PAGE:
Living conditions, services and programs in detention

Introduction

20.34 The well-being and rehabilitation of young people in detention depend to a large extent on the living conditions, services and programs provided for them. Living conditions encompass the physical standard of buildings and other facilities, levels of hygiene, food and clothing, classification of detainees, contact with family and friends and privacy. Programs and services include case management, counselling and drug and alcohol programs, general and mental health services and educational, employment and vocational programs. The legal processes within detention centres also affect the operation of these programs. The Design Guidelines and QOC Standards deal with many of these issues.

Differences in detention centres

20.35 Conditions in detention centres vary greatly both within and between jurisdictions. Their natures and sizes differ. For instance, some detention centres accommodate only a few children. Others, such as Mount Penang in NSW, at present the largest detention centre in Australia, can accommodate up to 160 children.[60] Most centres hold males only or a mixture of males and females. Yasmar in NSW is the only centre which caters exclusively for girls. Some detention centres are categorised according to minimum, medium and high security classifications.[61] Some provide for detainees of certain ages.[62] Some hold a mixture of both remanded and sentenced young offenders.[63]

20.36 Juvenile detention centres in some jurisdictions are located in both metropolitan and rural areas. However, some States and Territories have all their centres located in or near capital cities. For instance, all juvenile detention centres in Western Australia are located in Perth, both centres in South Australia are located in metropolitan Adelaide and both centres in the Northern Territory are located in or near Darwin.[64] This creates difficulties for young offenders and their families from rural and remote areas.[65]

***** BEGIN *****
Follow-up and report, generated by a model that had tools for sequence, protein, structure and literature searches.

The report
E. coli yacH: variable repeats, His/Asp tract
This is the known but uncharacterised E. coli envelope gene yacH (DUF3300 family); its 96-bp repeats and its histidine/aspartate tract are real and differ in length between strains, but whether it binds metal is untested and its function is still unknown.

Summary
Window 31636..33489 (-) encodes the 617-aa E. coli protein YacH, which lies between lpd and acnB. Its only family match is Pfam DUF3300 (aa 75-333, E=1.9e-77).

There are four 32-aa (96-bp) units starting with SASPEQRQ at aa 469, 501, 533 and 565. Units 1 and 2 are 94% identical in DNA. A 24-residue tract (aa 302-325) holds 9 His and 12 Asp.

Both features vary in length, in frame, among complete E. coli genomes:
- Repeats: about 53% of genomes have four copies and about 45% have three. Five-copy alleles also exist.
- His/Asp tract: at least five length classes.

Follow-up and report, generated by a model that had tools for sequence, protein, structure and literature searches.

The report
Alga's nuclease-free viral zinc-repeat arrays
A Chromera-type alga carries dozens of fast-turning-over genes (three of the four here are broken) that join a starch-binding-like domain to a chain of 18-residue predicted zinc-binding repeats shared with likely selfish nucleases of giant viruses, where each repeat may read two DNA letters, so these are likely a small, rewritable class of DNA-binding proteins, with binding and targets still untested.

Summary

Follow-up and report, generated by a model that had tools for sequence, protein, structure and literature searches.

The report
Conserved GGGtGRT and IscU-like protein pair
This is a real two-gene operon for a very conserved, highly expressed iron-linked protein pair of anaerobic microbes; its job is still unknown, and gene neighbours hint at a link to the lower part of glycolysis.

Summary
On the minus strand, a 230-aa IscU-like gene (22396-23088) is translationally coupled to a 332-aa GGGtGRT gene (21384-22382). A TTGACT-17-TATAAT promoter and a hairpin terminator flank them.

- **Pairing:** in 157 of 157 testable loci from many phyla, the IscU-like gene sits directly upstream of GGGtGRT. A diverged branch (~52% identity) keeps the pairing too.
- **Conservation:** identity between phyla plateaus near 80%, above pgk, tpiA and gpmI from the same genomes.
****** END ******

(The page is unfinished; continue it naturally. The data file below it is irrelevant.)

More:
Living environment

20.37 Many detention centres attempt to provide for adequate living standards in their policies and procedures documents. For instance, the Western Australian policy document emphasises 'normalisation'. This requires a living environment which avoids labelling and stigmatisation, encourages individuality and self-respect and allows expression of cultural identity, the practice of religious beliefs, privacy and personal space.[66] Queensland's policy document also emphasises the importance of de-institutionalising the living environment to enhance rehabilitation of offenders. It has implemented the Design Guidelines about small group sizes by providing that the living environment and work practices must be responsive to the gender, geographical origins, cultural, religious, developmental and individual needs of children.[67] However, evidence received during the Inquiry indicates little or no implementation of these policies in practice.

20.38 The Inquiry visited a number of detention centres across Australia. The physical standards within centres varied widely. Some, such as the Don Dale Centre in Darwin and the Cavan Education Centre in South Australia, were of a high standard. Others, such as Longmore Detention Centre in Perth and the John Oxley Centre in Brisbane, were sub-standard, reflecting past policies that built juvenile centres as youth prisons. Longmore and Riverbank detention centres in Perth are to be replaced by a new detention centre now under construction.[68]

20.39 The existence of inadequate living standards in detention centres has been recognised in a number of jurisdictions. In NSW a program of improvement of detention centres was commenced in 1992 because it was recognised that

[m]any of the detention centres were poorly staffed, the standard of accommodation was most unsatisfactory and, more importantly, the level and quality of programming was not of the standard required.[69]

Three years later, in October 1995 the NSW Community Services Minister announced that Minda Detention Centre was so substandard that it would be closed. However, it is still operating, two years later.